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Strategies for Identifying and Controlling Peach Leaf Curl

Strategies for Identifying and Controlling Peach Leaf Curl

Strategies for Identifying and Controlling Peach Leaf Curl


Peach Leaf Curl


The fungus Taphrina deformans causes peach leaf curl.


Host Plants


Taphrina deformans can infect peach (Prunus persica) and nectarine (P. persica var. nucipersica) as well as cherry (several species) causing cherry leaf curl and witches broom.




During cool, wet springs developing leaves become thicker than normal and curled with a yellow to red-purple color.


Within a few weeks, as spores form on the leaf surface, the leaves develop a dusty gray cast. A short time later, the leaves turn brown and drop from the tree. Once this occurs, the disease has run its course for the season. Diseased green shoots swell and turn yellow, while diseased fruit form red, wart-like spots. Peach leaf curl weakens the vitality of the tree by causing early leaf loss. Severely defoliated trees produce fewer fruit and are more vulnerable to winter damage and opportunistic diseases.


Disease Cycle


Taphrina survives the winter as spores within cracks in the bark and under bud scales. When buds break open, spores infect new leaves as they emerge if the weather is cool and wet. Peach leaves, shoots and fruit are susceptible only during the period when they are first developing, and if they are wet. As the tissues mature, they become resistant. The thickened, discolored leaf tissue is actually a fruiting structure for the fungus. Peach leaf curl produces spores on the surface of the infected leaves. During wet weather, rain and wind distribute spores to bark cracks and buds where they survive the heat of summer and freezing of winter until next spring when they can infect young growth as it emerges if conditions are wet.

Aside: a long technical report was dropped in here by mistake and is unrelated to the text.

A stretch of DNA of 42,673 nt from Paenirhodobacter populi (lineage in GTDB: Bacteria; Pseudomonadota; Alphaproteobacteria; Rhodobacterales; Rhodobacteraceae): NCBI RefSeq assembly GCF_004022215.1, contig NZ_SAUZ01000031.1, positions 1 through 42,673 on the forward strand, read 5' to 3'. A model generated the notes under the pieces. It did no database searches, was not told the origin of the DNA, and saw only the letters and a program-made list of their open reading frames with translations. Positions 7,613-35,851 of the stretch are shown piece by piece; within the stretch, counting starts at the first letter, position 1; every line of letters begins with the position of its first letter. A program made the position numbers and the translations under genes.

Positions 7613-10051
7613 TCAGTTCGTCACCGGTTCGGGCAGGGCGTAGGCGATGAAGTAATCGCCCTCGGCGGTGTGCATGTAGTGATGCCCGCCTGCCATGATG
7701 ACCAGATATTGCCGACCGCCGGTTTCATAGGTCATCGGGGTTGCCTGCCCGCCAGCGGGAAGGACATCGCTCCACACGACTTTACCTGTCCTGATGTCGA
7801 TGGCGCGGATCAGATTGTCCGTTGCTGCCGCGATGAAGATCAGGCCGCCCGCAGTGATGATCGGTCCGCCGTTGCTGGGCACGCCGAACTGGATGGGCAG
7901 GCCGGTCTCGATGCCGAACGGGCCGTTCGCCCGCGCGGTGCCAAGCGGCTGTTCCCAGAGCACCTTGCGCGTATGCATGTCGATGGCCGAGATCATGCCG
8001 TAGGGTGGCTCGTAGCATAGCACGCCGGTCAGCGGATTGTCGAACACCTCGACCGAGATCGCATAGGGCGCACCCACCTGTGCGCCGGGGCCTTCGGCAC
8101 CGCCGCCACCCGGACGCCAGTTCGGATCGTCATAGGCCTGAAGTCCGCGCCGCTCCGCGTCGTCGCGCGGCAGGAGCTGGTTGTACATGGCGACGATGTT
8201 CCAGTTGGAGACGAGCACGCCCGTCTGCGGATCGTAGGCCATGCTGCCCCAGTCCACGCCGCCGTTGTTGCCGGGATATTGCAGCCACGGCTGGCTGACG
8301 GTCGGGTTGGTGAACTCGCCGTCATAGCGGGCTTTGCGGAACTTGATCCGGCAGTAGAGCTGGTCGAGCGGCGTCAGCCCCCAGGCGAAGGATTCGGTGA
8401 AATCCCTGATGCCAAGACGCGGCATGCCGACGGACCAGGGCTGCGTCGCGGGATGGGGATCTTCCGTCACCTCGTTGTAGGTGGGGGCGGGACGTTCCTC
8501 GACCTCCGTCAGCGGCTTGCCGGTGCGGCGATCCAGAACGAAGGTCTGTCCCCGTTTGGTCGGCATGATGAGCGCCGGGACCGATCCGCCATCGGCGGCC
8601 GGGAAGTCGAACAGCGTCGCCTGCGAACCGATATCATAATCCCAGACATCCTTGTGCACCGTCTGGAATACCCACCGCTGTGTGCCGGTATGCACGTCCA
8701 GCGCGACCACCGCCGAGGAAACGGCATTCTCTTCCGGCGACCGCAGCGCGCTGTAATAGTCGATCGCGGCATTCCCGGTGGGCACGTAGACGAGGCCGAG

Management Strategies


Once symptoms peach leaf curl leaf curl are visible fungicide treatment for that season is not effective. Collect fallen leaves, irrigate when dry, fertilize as needed, prune to maintain sound branch structure, and maintain 2-3 inches of composted mulch over as much of the root zone as possible to enhance tree vitality. The fungus survives on the bud and twig surface, so a fungicide application in the autumn after most of the leaves have fallen, or early in the spring just before the buds open is generally an effective control. If peach leaf curl is a persistent problem, especially on a fruit-bearing tree, consider growing the ‘Redhaven’ and cultivars derived from Redhaven, which is more resistant.


* Information provided by Daniel H. Gillman, Plant Pathologist UMass Extension Landscape, Nursery & Urban Forestry Program - Fall 2005.

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